A fast-growing U.S. maker of hydrogen fuel cells has signed a deal to produce green hydrogen by using hydroelectricity from Brookfield Renewable Partners LP’s Holtwood power plant in Pennsylvania, as the industry touts the dawn of an energy revolution.
Plug Power Inc. , based in upper New York State, has ambitious plans over the next eight years to build and install electrolyzers, which generate green hydrogen by using renewable electricity. Through a process known as water electrolysis, hydrogen is captured as fuel after being split from oxygen.
Many environmentalists view green hydrogen as a holy grail for the world’s energy transition over the long term for use in transportation and industrial heating, especially as a wide array of countries strive to achieve net-zero carbon emissions by 2050.
Plug’s expertise is in making hydrogen fuel cells, but the Latham, N.Y.-based company plans to diversify by building an extensive U.S. network of green hydrogen production sites. In a bid to turn its dreams into reality, Plug has formed partnerships with Brookfield and other suppliers of renewable electricity.
For Plug and Brookfield, the agreement at Holtwood signals a leap forward for green hydrogen. Skeptics, however, question whether the clean energy industry’s excitement is more hype than substance.
Green hydrogen is the cleanest version of hydrogen, but it currently has high costs for production.
There are only a handful of green hydrogen projects operating today in North America, but proponents of electrolyzers say the future looks bright for the hoped-for global transformation to low- or zero-carbon energy sources.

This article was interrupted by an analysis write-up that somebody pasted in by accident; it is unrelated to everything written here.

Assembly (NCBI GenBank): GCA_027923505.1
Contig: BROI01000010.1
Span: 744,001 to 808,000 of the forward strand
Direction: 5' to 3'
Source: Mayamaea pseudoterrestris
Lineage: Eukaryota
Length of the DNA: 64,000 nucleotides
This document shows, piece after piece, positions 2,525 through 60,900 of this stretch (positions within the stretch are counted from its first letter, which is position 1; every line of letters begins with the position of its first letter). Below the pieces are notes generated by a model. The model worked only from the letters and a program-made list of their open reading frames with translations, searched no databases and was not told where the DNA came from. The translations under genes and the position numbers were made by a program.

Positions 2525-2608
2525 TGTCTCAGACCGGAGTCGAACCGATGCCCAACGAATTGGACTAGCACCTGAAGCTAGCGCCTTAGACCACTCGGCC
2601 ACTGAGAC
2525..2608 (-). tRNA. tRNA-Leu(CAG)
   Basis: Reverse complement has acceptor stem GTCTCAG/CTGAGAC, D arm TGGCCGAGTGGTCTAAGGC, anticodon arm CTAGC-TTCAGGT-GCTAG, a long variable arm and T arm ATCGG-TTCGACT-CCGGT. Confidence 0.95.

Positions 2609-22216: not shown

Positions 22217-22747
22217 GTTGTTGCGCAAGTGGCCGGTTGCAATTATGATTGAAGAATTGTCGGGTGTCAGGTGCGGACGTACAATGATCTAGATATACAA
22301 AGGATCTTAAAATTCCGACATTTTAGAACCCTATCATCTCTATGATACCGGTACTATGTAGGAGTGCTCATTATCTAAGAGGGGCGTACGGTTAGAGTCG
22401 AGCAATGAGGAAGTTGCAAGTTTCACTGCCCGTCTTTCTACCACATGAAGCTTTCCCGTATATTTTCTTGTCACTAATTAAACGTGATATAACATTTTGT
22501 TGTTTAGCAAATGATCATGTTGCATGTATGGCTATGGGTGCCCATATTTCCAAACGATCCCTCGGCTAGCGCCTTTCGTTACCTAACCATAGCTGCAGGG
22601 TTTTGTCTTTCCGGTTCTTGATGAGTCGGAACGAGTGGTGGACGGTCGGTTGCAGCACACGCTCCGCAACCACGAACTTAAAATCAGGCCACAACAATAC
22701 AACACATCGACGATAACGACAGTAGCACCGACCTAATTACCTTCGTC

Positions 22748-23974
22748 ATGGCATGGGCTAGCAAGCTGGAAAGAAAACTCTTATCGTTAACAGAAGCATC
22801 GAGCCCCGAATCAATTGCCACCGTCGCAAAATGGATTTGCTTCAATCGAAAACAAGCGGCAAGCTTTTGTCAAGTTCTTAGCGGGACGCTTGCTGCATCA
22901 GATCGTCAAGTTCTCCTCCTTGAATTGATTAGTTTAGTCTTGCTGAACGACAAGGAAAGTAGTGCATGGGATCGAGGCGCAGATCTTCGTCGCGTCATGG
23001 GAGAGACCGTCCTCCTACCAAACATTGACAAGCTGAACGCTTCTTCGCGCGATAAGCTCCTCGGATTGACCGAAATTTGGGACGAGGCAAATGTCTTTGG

“The interest in electrolyzers has just gone up significantly in the last year,” said Amy Adams, vice-president of fuel and hydrogen technologies at Cummins Inc.
Cummins, an Indiana-based manufacturer of truck engines that use diesel or natural gas, diversified into electrolyzers in 2019 with the acquisition of Mississauga-based Hydrogenics Corp.
A green hydrogen project led by Cummins in Bécancour, Que., recently opened and has been producing more than eight tonnes a day, using power from Hydro-Québec. Cummins owns 81 per cent of the venture, while Air Liquide SA has a 19-per-cent stake.
“It’s not just ambitions because we could really see the market developing very quickly,” said Ms. Adams, who is based in Mississauga.
Hydrogen is stored in a large liquid tank and then transported in liquid form using cryogenic trailers. After being moved to the point of use, it is vaporized into a gaseous state.